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The Enduring Influence of Ambrose Bierce

October 10th, 2021

Earlier this year, after turning in the manuscript for a new collection of Ambrose Bierce stories, I was watching The Criterion Channel and engaging in an activity that screenwriter Josh Olson calls “eating your vegetables.” In other words, I was finally watching some of those classic movies I’d heard about but had never got around to actually watching.

I had just finished Carnival of Souls (1962), a stylish, low-budget horror flick that seemed to be a retelling of Bierce’s “An Occurrence at Owl Creek Bridge”; and next up was The Hit (1984), a British gangster flick in which Terence Stamp plays an informer abducted by a couple of hitmen played by John Hurt and a very young Tim Roth. The cast alone makes it a must-see, but as I watched this story of a man awaiting what is certain to be his execution, I realized I was in the midst of yet another Bierce retelling. This time, the uncredited source was “Parker Adderson, Philosopher.”

What are the chances? Two in a row. But it’s not surprising, given the way Bierce’s stories tend to take root in the unconscious. Read one, and it becomes part of you forever.

Thus, I suppose it’s possible that unconscious influence played a part in the writing of the screenplays, with each writer inadvertently tapping into the memory of a Bierce tale and mistaking its plot for an original idea. But both films seem more like uncredited homages — particularly The Hit, whose main character, Willie Parker, is likely a reference to the Bierce protagonist Parker Adderson.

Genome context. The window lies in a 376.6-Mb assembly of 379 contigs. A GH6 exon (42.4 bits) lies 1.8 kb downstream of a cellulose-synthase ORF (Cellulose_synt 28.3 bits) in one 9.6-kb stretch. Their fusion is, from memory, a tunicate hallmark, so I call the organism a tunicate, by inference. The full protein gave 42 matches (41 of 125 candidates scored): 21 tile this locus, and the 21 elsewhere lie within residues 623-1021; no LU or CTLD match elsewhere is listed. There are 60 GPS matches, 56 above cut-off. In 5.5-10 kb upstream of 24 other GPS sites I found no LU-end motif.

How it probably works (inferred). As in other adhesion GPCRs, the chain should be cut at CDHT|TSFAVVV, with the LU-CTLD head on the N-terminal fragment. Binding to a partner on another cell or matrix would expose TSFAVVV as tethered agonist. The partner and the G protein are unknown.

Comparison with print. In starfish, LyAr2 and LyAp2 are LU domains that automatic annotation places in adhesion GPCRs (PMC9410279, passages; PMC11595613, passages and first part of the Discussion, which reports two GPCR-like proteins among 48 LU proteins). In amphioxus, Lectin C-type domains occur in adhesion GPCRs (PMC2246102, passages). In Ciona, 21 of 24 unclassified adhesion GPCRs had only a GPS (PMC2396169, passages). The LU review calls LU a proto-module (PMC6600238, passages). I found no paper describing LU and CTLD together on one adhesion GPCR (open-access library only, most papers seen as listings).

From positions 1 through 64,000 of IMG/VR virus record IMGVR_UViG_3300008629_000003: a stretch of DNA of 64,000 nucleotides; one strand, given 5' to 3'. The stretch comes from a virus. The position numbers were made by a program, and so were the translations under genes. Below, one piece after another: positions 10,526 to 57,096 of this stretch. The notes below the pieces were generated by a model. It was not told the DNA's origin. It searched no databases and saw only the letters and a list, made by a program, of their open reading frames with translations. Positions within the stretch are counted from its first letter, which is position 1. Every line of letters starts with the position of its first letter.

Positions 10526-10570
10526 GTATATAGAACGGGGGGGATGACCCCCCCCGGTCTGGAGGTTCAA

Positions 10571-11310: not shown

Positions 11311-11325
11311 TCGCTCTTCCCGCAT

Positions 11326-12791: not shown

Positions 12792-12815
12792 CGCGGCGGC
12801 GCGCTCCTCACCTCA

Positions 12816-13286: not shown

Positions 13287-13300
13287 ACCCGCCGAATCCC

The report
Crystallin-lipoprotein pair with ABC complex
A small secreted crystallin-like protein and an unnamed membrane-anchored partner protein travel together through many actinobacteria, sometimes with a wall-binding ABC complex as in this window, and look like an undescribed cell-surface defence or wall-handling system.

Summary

Also this past year, I caught up with Richard Christian Matheson’s “The Damned Thing” (2006), which originally aired in Season Two of Mick Garris’s groundbreaking series Masters of Horror. As I wasn’t a Showtime subscriber when the series first aired, it took availability on streaming for me to see Matheson’s reworking of Bierce’s classic — an adaptation that moves the action to the present day and effectively amps up the tale’s horror. And, yes, this reworking gives credit to Bierce, as does the classic Robert Enrico adaptation of “An Occurrence at Owl Creek Bridge” (1962) that aired as part of Season Five of the original Twilight Zone TV series. It may be one of the best film adaptations ever made of a short story.

All three tales — “An Occurrence at Owl Creek Bridge,” “Parker Adderson, Philosopher,” and “The Damned Thing” — are included in A Little Blue Book of Civil War Horror, where you’ll also find nine more tales and vignettes by Ambrose Bierce.

You can read more about the collection here. Copies are available from Borderlands Press. Check it out, and please let me know if you come across any other films based on Bierce’s tales. It’s always good to have a portion of vegetables to go with a hefty serving of meat.